Earlier this week Governor Cuomo released his 2021-22 executive budget. Despite facing huge deficits due to the economic fallout from the COVID-19 pandemic, the yeshiva and non-public school community were spared major cuts.
As a result of the Coronavirus Response and Relief Supplemental Appropriations act (CRRSA), recently enacted by the federal government, $248 million dollars was made available to non-public schools. As a result, funding parity for non-public schools and school districts were maintained, as reductions were limited to 2%, the same level as school districts. This is in line with the Agudah’s long time mantra of pushing for equality not special treatment.
Specifically, Mandated Services (MSA) and Comprehensive Attendance Policy (CAP) were funded at $189 million, a slight reduction from last year. The STEM reimbursement allocation was reduced from $30 million to 29.4 million. Academic Intervention for Nonpublic Schools (AIS) was funded at $904 thousand, and Nonpublic School Safety and Equipment (NPSE) was retained at its previous level of funding at $15 million.
More importantly, schools were held harmless for aid losses due to school closures in the spring of 2020 due to COVID-19. This has been a major legislative priority for Agudath Israel.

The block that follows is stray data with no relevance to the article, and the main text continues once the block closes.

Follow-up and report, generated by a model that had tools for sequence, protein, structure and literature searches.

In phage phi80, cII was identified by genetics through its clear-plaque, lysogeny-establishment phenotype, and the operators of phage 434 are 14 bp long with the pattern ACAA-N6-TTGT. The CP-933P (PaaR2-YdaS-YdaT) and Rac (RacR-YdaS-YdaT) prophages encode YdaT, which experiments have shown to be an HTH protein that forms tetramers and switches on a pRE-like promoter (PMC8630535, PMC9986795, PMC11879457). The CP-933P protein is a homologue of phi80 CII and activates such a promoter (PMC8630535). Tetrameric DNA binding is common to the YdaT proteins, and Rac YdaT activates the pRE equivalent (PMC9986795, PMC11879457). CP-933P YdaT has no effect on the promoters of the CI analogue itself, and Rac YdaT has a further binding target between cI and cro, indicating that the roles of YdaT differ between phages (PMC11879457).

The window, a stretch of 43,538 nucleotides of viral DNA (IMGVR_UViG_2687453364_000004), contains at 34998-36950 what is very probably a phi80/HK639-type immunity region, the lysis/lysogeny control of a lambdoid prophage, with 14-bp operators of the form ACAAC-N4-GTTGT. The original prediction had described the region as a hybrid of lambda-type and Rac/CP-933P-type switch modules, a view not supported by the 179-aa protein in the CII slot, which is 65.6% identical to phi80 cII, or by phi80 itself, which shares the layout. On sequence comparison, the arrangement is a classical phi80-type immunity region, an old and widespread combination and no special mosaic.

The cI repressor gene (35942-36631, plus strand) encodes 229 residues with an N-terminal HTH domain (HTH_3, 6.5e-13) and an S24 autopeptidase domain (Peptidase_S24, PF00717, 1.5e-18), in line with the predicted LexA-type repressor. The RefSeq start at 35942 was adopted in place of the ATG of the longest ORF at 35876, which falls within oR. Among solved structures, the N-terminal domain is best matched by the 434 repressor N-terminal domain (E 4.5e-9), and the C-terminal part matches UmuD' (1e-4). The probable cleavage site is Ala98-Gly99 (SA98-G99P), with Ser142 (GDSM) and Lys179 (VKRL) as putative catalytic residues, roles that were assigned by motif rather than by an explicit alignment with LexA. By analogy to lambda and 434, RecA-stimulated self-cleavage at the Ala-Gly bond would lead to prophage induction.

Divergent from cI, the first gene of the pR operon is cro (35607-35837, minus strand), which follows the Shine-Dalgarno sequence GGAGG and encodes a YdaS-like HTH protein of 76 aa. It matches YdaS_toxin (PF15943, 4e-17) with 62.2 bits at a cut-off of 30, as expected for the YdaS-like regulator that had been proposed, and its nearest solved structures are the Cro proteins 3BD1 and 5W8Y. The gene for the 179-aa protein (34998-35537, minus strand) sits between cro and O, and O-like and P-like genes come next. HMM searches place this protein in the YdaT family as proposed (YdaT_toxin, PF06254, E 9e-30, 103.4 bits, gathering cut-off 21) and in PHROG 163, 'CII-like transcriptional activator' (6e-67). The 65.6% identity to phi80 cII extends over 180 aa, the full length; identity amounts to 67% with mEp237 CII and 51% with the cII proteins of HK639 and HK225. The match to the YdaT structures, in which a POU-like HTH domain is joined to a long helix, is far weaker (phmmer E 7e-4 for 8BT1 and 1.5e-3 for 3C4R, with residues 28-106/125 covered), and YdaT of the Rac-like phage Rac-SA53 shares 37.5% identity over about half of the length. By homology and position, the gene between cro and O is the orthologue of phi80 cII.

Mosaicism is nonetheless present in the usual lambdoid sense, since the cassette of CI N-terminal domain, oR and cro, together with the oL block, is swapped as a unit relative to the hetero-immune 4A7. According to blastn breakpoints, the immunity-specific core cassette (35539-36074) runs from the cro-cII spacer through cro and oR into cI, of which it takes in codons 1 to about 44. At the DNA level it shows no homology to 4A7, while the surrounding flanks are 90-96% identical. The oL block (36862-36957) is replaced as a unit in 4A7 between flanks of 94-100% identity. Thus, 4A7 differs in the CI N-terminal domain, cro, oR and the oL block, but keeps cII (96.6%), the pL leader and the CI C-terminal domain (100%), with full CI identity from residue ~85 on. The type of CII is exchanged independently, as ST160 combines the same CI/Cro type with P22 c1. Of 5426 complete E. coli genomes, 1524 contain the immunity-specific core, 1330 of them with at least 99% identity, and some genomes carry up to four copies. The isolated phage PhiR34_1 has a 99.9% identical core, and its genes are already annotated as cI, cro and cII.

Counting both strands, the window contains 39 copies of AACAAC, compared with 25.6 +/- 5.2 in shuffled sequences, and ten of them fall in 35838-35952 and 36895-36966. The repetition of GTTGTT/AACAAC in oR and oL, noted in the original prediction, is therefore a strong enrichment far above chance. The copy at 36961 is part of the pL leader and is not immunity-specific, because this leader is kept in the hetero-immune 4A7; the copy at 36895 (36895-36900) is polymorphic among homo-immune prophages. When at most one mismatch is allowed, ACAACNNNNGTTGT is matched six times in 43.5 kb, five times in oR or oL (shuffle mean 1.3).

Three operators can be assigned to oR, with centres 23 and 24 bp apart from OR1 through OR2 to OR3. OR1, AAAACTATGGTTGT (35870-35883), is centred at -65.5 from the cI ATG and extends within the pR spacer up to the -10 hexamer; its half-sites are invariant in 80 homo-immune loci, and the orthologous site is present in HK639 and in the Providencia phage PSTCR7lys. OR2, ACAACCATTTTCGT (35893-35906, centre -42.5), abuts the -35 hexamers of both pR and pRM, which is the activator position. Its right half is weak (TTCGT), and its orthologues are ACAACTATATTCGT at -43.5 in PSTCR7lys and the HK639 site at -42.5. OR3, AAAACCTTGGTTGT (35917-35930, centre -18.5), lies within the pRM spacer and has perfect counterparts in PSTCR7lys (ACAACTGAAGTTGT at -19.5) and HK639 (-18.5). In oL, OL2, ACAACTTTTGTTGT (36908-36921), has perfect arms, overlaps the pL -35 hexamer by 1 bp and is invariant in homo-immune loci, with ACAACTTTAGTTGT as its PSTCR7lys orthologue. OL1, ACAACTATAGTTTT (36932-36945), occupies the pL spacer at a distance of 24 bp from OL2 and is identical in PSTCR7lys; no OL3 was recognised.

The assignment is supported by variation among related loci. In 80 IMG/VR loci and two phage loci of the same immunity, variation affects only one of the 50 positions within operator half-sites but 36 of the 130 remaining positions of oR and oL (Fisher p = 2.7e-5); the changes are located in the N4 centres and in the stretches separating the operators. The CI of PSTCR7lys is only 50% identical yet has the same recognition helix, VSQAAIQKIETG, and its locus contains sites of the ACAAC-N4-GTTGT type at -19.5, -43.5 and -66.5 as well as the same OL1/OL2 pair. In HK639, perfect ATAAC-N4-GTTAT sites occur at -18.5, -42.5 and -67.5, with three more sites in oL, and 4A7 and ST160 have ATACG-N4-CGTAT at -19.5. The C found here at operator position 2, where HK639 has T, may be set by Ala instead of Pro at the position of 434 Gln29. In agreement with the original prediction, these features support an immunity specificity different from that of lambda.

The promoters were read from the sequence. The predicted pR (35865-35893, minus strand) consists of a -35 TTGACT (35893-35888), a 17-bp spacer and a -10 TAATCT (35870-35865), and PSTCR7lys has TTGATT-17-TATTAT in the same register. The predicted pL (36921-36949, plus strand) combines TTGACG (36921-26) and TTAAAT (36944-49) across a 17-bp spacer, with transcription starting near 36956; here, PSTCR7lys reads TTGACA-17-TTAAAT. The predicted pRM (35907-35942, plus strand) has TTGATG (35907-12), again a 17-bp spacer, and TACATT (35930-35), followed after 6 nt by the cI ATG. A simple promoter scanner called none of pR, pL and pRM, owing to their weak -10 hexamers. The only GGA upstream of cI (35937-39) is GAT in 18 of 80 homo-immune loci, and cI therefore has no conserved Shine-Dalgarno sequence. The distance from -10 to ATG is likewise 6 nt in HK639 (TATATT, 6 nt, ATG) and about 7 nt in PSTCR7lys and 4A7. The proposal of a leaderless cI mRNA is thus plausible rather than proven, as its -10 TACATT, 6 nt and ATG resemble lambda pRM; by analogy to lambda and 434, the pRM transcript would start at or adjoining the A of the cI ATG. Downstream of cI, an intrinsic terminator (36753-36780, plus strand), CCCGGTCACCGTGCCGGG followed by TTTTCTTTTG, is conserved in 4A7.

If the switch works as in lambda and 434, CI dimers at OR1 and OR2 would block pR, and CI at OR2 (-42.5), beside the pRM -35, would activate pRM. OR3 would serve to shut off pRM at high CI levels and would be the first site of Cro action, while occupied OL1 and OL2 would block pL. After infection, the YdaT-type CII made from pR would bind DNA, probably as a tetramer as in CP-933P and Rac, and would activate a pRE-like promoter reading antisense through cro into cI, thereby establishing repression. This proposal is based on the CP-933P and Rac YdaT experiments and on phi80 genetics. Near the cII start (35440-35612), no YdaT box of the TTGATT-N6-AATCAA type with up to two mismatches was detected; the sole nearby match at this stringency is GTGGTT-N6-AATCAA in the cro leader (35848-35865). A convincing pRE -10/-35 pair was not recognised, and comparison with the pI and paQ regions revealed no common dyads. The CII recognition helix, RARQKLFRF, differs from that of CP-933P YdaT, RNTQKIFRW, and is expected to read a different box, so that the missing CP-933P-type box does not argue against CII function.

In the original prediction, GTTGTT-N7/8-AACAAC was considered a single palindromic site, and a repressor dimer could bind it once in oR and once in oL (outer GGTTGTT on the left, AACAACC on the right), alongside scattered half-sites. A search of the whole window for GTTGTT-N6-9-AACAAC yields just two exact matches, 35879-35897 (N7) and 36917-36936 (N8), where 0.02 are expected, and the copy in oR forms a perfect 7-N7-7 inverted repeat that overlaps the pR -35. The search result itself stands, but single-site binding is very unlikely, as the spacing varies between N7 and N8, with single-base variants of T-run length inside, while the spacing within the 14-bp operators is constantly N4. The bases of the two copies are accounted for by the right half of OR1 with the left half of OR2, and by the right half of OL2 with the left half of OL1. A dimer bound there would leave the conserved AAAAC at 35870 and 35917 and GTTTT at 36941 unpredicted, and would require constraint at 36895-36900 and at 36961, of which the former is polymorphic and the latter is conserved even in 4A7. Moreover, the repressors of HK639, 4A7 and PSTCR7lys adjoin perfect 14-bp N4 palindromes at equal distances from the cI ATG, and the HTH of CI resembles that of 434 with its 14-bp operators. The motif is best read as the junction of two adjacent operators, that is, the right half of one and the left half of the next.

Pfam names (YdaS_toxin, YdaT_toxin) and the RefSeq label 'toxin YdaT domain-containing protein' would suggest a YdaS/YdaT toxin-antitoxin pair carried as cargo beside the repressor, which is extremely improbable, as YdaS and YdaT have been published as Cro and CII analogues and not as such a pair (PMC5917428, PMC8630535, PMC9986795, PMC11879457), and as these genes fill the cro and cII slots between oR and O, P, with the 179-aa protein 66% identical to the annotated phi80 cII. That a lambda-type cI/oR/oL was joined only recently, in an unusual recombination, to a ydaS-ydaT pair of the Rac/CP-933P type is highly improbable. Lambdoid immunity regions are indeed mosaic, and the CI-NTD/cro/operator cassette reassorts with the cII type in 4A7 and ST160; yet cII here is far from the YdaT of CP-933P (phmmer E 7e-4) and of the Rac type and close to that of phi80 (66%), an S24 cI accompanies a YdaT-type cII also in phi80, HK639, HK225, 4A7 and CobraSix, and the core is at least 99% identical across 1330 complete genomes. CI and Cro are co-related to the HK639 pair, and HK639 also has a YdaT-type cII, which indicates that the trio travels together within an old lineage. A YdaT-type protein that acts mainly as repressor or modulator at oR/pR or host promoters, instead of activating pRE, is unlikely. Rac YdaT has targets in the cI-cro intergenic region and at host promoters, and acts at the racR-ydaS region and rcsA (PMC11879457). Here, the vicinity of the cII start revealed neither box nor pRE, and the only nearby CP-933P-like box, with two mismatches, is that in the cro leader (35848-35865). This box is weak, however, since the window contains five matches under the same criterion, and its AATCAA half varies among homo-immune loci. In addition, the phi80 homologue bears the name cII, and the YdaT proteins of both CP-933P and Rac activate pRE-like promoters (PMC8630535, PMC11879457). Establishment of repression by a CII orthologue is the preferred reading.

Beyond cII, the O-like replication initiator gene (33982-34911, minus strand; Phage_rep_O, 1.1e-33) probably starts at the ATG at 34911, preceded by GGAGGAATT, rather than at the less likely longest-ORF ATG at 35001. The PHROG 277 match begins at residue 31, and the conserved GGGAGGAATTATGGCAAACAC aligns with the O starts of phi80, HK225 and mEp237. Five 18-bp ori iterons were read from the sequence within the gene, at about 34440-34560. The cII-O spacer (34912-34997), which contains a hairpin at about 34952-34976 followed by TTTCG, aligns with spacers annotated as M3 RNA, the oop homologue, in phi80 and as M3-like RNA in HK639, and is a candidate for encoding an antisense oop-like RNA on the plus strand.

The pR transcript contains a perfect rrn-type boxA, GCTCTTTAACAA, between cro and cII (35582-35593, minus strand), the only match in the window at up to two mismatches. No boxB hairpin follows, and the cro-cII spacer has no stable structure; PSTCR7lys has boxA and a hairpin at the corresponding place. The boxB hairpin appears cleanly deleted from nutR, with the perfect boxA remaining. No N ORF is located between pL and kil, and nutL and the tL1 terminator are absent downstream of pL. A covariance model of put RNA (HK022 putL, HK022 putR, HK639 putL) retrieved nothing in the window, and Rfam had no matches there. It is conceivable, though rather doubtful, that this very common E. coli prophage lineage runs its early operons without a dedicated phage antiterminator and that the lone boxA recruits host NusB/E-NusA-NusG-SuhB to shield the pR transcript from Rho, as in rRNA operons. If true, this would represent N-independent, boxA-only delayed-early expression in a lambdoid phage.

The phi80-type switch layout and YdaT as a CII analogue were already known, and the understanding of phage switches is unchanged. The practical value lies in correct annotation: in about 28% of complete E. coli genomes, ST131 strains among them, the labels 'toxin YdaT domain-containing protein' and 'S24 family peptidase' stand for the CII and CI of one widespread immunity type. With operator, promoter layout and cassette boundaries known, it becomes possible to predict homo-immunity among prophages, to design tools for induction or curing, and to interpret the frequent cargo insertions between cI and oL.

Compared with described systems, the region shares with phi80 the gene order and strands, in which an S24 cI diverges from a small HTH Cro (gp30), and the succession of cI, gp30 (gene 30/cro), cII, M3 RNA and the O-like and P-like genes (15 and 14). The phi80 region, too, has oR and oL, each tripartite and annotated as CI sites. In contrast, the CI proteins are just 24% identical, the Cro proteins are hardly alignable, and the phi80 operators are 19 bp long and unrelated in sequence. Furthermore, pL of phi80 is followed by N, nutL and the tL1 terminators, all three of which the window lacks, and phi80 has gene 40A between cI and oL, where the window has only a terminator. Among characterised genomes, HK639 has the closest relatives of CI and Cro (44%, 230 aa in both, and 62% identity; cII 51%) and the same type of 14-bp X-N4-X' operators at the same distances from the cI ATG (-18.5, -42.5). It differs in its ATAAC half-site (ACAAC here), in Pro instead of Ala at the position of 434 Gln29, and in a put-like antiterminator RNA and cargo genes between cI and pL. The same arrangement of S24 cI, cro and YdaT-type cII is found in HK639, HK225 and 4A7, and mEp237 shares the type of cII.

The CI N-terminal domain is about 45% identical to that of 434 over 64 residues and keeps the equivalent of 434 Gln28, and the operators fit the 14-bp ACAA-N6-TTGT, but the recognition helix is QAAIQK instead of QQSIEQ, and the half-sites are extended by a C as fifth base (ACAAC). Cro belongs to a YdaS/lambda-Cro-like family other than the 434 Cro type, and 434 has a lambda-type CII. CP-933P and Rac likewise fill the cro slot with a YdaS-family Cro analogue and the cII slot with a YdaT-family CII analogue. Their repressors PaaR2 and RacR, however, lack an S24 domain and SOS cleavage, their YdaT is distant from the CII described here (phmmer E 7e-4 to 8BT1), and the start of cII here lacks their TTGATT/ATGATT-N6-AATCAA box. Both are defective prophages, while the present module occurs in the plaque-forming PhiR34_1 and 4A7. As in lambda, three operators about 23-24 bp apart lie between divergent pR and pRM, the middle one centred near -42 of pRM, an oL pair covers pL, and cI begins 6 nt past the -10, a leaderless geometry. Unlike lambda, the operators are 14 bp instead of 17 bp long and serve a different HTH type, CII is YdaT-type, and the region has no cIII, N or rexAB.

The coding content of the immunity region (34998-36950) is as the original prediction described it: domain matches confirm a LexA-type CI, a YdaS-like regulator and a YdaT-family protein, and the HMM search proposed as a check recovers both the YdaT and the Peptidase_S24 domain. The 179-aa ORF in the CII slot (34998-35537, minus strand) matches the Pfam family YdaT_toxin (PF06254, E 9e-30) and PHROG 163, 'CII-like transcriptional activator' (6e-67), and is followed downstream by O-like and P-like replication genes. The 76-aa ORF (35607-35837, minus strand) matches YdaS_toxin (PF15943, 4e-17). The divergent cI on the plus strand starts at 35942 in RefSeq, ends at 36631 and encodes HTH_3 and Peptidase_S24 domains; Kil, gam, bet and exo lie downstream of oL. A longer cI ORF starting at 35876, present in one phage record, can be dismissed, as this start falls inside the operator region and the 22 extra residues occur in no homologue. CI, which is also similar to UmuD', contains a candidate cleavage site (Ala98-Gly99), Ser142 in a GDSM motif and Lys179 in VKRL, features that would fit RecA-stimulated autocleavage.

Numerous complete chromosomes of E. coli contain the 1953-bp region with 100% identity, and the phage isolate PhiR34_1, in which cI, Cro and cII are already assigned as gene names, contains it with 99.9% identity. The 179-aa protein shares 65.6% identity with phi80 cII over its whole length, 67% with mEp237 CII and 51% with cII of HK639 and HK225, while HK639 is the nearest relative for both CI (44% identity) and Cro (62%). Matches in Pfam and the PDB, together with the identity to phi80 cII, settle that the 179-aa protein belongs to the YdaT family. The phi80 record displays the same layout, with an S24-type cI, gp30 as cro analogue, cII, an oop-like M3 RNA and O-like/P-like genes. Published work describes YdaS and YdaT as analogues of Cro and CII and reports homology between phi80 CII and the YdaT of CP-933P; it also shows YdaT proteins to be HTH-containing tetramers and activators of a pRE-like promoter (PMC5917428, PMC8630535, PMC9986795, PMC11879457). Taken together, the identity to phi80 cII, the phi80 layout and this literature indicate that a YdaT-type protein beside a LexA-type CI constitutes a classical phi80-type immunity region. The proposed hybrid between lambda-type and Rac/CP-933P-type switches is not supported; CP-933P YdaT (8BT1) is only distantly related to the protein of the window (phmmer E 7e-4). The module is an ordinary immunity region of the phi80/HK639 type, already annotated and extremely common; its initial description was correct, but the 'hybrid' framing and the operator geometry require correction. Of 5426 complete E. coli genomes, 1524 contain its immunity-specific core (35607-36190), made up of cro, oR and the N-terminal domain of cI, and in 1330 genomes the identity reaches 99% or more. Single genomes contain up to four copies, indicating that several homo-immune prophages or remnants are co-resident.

The governor’s executive budget is the first step in the process as both houses of the legislature have to vote on a final budget agreement before April 1.
In a statement, Mr. Shlomo Werdiger, chairman of Agudath Israel’s Board of Trustees, thanked the governor saying, “We are extremely thankful to Governor Cuomo for not overlooking the needs of the non-public school community despite the large deficits incurred due to the Covid-19 pandemic.”
“We were particularly pleased that our schools – who work so hard in educating their students – were held harmless for school closure and that other allocations were kept close to previous years. We will continue to work with our friends in the legislature and the executive office to hold the line on any further reductions and should additional federal funds or other revenue sources become available, to pass on accordingly.” added Rabbi Yeruchim Silber, director of New York Government Relations.